Garvey sweated to anticipate the shifting taste! He increased the free food output, foresaw the swing back to the Roaring Twenties by wearing hairy knickers and displaying his wife in a tube dress and boyish bob long before anyone else.
But, the vultures came, ate, and ran. Now that this frightful Giant, TV, strode the world, they were busily re-embracing radio. Bootlegged 1935 transcriptions of _Vic and Sade_ and _Pepper Young's Family_ were fought over at intellectual galas.
At long last, Garvey was forced to turn to a series of miraculous tours de force, conceived and carried out by his panic-stricken inner self.
The first accident was a slammed car door.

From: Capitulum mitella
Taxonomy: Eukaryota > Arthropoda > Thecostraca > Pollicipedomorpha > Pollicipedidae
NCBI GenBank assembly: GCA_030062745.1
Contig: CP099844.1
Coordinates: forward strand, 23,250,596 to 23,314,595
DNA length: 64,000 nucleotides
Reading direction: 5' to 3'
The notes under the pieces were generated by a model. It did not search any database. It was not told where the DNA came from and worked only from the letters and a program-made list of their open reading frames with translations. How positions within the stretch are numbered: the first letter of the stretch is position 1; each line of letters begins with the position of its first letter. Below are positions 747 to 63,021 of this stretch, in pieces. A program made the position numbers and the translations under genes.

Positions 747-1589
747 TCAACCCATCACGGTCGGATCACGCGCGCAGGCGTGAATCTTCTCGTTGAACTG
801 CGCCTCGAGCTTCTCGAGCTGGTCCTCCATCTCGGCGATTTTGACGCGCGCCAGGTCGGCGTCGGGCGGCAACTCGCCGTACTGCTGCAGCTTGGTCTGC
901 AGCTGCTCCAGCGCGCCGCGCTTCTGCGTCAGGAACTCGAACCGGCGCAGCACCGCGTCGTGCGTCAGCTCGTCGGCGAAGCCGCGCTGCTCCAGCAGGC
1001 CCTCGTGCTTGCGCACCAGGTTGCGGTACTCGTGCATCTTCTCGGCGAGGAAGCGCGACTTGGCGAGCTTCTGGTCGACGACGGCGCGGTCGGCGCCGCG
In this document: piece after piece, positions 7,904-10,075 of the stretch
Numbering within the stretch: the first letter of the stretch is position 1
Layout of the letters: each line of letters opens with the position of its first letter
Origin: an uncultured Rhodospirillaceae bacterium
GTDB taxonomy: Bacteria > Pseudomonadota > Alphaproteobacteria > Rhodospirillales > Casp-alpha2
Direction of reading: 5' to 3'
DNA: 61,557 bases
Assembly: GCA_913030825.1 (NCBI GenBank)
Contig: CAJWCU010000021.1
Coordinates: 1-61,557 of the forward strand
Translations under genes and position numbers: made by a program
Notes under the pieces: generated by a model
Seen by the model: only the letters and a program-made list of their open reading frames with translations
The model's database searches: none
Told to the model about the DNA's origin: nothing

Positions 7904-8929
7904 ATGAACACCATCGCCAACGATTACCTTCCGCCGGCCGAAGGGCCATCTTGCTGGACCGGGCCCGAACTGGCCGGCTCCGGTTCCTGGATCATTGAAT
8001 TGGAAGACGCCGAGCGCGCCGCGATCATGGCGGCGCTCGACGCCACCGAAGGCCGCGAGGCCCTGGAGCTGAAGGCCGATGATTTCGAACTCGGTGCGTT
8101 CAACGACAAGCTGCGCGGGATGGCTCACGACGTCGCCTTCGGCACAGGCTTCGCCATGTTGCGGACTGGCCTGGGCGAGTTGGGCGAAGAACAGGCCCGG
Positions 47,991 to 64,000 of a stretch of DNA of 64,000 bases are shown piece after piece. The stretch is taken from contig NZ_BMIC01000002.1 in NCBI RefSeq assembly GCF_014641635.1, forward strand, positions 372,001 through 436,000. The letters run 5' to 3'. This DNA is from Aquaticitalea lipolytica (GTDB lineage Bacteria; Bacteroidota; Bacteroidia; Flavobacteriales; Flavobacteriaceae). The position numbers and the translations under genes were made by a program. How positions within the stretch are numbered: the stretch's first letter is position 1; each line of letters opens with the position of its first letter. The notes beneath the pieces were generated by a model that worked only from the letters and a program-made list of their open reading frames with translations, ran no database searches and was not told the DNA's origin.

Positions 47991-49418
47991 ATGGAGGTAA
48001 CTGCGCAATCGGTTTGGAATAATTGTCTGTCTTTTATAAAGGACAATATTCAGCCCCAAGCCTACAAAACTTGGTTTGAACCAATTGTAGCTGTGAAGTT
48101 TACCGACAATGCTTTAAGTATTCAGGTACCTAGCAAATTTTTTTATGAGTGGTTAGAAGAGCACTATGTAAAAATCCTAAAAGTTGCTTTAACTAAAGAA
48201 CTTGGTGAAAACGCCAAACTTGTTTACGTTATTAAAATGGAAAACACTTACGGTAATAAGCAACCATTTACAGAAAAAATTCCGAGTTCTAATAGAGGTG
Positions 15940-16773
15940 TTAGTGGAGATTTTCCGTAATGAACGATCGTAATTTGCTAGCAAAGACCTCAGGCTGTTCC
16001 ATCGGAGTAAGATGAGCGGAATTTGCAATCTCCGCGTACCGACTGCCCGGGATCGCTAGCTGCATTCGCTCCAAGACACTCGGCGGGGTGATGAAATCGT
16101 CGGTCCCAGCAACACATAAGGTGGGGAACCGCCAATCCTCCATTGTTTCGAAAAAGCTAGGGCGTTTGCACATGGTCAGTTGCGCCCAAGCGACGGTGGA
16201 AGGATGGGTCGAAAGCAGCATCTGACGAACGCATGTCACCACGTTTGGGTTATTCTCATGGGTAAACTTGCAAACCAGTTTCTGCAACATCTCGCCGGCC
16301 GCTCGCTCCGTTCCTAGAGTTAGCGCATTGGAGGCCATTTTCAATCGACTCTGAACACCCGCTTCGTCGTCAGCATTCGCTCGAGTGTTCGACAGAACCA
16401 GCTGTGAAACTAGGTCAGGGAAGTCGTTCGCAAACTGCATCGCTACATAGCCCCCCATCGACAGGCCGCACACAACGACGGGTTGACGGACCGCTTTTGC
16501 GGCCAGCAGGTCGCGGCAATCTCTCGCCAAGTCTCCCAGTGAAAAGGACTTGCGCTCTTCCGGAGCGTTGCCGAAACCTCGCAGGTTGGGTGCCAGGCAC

Mr. Garvey's little fingertip was neatly cut off!
In the resultant chaos, hopping about, Garvey stepped on, then kicked the fingertip into a street drain. By the time they fished it out, no doctor would bother sewing it back on.
A happy accident! Next day, strolling by an oriental shop, Garvey spied a beautiful _objet d'art_. His peppy old subconscious, considering his steadily declining box office and his poor audiencerating among the avant-garde, forced him into the shop and dragged out his wallet.
"Have you seen Garvey lately!" screamed Alexander Pape on the phone. "My God, go see!"
"Mandarin's finger-guard." Garvey waved his hand casually. "Oriental antique. Mandarins used them to protect the five-inch nails they cultivated." He drank his beer, the gold-thimbled little finger cocked. "Everyone hates cripples, the sight of things missing. It was sad losing my finger. But I'm happier with this gold thingamajig."
"It's a much nicer finger now than any of us can _ever_ have." His wife dished them all a little green salad. "And George has the _right_ to use it."